Lucas v.  South Carolina Coastal Council Summary | quimbee.com

Lucas v. South Carolina Coastal Council Summary | quimbee.com

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– [Narrator] Under the Fifth Amendment’s Takings Clause, if the government takes private property for public use, it must pay the owner just compensation. In the 1992 case of Lucas
versus South Carolina Coastal Council, the
United States Supreme Court considered when merely regulating land use rises to the level of a taking. David Lucas purchased two undeveloped South Carolina beachfront parcels. Lucas intended to build a
single family home on each. Before construction could start South Carolina banned permanent
residential development on the parcels, forcing
Lucas to let them sit idle. Lucas sued in state court arguing that the new regulation was
a Fifth Amendment taking requiring just compensation. The trial court awarded compensation finding the ban tantamount to a taking because it destroyed the
parcels’ economic value. On appeal, the South Carolina
Supreme Court reversed. It held that the ban was not a taking but rather a legitimate exercise of the state’s police power. The police power includes authority to regulate land for the public health, safety, morals, and welfare. The United States Supreme
Court granted cert to determine whether a land-use regulation that completely destroys
the land’s economic value is a taking requiring just compensation. Justice Scalia, for the
majority, answered yes. He held that a land-use regulation that destroys the land’s economic value is a taking unless the state can show that when the owner acquired the land the prohibited use
could have been enjoined under state nuisance law. Clearly a taking results when the government appropriates land. More often though governments simply regulate the use of land. These otherwise legitimate restrictions may produce so-called regulatory takings. To decide whether a
regulation is a taking, the court typically employs the analysis articulated in Penn Central
Transportation Company versus City of New York. In short, the Penn
Central framework balances the public interest the
regulation is meant to serve against the regulation’s interference with the owner’s legitimate
investment-backed expectations concerning the land’s use. If the public interest is too unimportant to justify the degree of interference, then the regulation is a taking. But Justice Scalia held
that when the regulation altogether destroys the
property’s economic value to the owner, Penn Central does not apply. In that event the almost categorical rule is that the regulation is a taking requiring just compensation. Justice Scalia justified
this rule on three grounds. First, from the owner’s perspective a regulation rendering the land worthless is just like an outright appropriation. Second, because regulations rarely erase the land’s value completely, the rules shouldn’t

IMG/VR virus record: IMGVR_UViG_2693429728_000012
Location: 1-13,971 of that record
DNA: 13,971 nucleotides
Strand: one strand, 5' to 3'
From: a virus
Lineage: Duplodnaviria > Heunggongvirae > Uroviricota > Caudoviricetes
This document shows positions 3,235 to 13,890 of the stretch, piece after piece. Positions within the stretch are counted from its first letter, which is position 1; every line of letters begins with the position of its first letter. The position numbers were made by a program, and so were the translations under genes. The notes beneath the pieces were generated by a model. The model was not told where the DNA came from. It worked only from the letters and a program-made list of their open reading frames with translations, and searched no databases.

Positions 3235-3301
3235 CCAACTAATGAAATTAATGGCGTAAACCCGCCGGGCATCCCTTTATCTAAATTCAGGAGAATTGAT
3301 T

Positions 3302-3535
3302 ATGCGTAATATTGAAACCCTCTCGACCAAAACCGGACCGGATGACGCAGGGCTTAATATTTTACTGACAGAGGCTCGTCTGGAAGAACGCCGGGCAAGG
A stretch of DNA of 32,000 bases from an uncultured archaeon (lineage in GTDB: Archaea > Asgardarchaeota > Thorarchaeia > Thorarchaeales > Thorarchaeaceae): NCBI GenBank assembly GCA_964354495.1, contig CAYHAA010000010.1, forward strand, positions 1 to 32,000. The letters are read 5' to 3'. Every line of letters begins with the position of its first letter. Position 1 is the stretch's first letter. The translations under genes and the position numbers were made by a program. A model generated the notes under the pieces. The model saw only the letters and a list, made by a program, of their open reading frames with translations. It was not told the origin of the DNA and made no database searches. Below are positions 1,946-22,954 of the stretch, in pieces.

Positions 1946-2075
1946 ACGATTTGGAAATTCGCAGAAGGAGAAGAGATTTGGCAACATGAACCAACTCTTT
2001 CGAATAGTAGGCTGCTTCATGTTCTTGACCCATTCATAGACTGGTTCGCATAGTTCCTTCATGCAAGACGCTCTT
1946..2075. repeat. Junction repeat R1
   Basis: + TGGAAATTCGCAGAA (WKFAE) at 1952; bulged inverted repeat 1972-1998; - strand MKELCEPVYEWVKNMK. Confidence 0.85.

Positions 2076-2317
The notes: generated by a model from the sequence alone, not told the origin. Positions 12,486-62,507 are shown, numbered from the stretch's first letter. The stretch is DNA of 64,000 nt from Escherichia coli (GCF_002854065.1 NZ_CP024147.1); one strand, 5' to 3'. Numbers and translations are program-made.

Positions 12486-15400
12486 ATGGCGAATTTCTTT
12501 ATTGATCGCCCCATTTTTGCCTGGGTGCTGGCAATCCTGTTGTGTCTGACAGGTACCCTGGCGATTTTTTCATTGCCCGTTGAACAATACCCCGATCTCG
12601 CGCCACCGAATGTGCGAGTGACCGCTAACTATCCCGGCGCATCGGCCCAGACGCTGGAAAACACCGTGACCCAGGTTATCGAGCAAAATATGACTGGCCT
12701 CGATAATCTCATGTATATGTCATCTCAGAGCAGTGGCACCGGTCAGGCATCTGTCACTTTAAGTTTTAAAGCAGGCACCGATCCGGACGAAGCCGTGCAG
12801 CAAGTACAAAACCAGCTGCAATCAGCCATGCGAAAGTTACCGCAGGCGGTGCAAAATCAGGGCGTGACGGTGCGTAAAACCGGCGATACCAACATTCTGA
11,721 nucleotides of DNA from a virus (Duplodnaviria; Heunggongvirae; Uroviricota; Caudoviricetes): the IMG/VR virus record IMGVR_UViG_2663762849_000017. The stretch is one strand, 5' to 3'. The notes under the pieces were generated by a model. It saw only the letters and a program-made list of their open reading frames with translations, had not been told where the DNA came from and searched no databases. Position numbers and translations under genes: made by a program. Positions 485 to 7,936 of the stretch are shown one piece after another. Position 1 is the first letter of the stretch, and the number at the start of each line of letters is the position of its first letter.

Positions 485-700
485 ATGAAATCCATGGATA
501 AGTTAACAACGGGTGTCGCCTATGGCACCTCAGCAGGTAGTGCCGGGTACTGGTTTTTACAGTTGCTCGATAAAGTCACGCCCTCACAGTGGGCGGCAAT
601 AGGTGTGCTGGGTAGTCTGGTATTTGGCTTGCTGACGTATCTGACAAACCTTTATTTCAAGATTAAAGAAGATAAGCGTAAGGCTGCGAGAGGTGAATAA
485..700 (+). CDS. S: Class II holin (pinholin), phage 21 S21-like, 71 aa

impede the state’s ability to regulate land use for the public good. Third, without a rule like this states could use regulation as a pretext to effectively take private property for public benefit without
paying just compensation. This would circumvent the takings clause. This rule does acknowledge one exception. Historically, the law of
nuisance has contemplated restricting one owner’s use of land to prevent unreasonable interference with another’s use and
enjoyment of different land. All title to land
incorporates this principle. So, if the state regulation
operates consistently with pre-existing nuisance principles, the government takes
nothing by regulating. Instead, the government simply recognizes the scope of title as
the owner acquired it. Accordingly, the regulation is no taking if, when the owner acquired the land, the prohibited use
could have been enjoined under the state’s nuisance law. At this point no court had decided whether South Carolina’s nuisance law would have enjoined developing
the beachfront parcels when Lucas purchased them. Justice Scalia thought
South Carolina’s courts should determine that. Accordingly, the court reversed the South Carolina
Supreme Court’s decision and remanded the case
for further proceedings. Justice Kennedy, concurring,
would have applied Penn Central and focused
on Lucas’ reasonable investment-backed expectations. Under that framework
Justice Kennedy concluded that more findings were
needed justifying remand. Justice Blackmun, dissenting, argued that the rule announced
in Lucas wrongly upended the court’s prior Takings
Clause jurisprudence. This was not necessary
to decide Lucas’ narrow, rare, and relatively insignificant case. Justice Stevens, dissenting, felt that the Lucas rule was
arbitrary and unworkable, showing too little respect
for the states’ police powers. After Lucas, courts and practitioners were uncertain how it would impact future Takings Clause cases. That remained so until
the court’s 2002 decision in Tahoe-Sierra Preservation Council versus Tahoe Regional Planning Agency. There the court clarified
that Lucas applies only when the challenged regulation permanently enjoins all
valuable use of the land. In all other regulatory-takings cases, it seems that Penn Central still applies.

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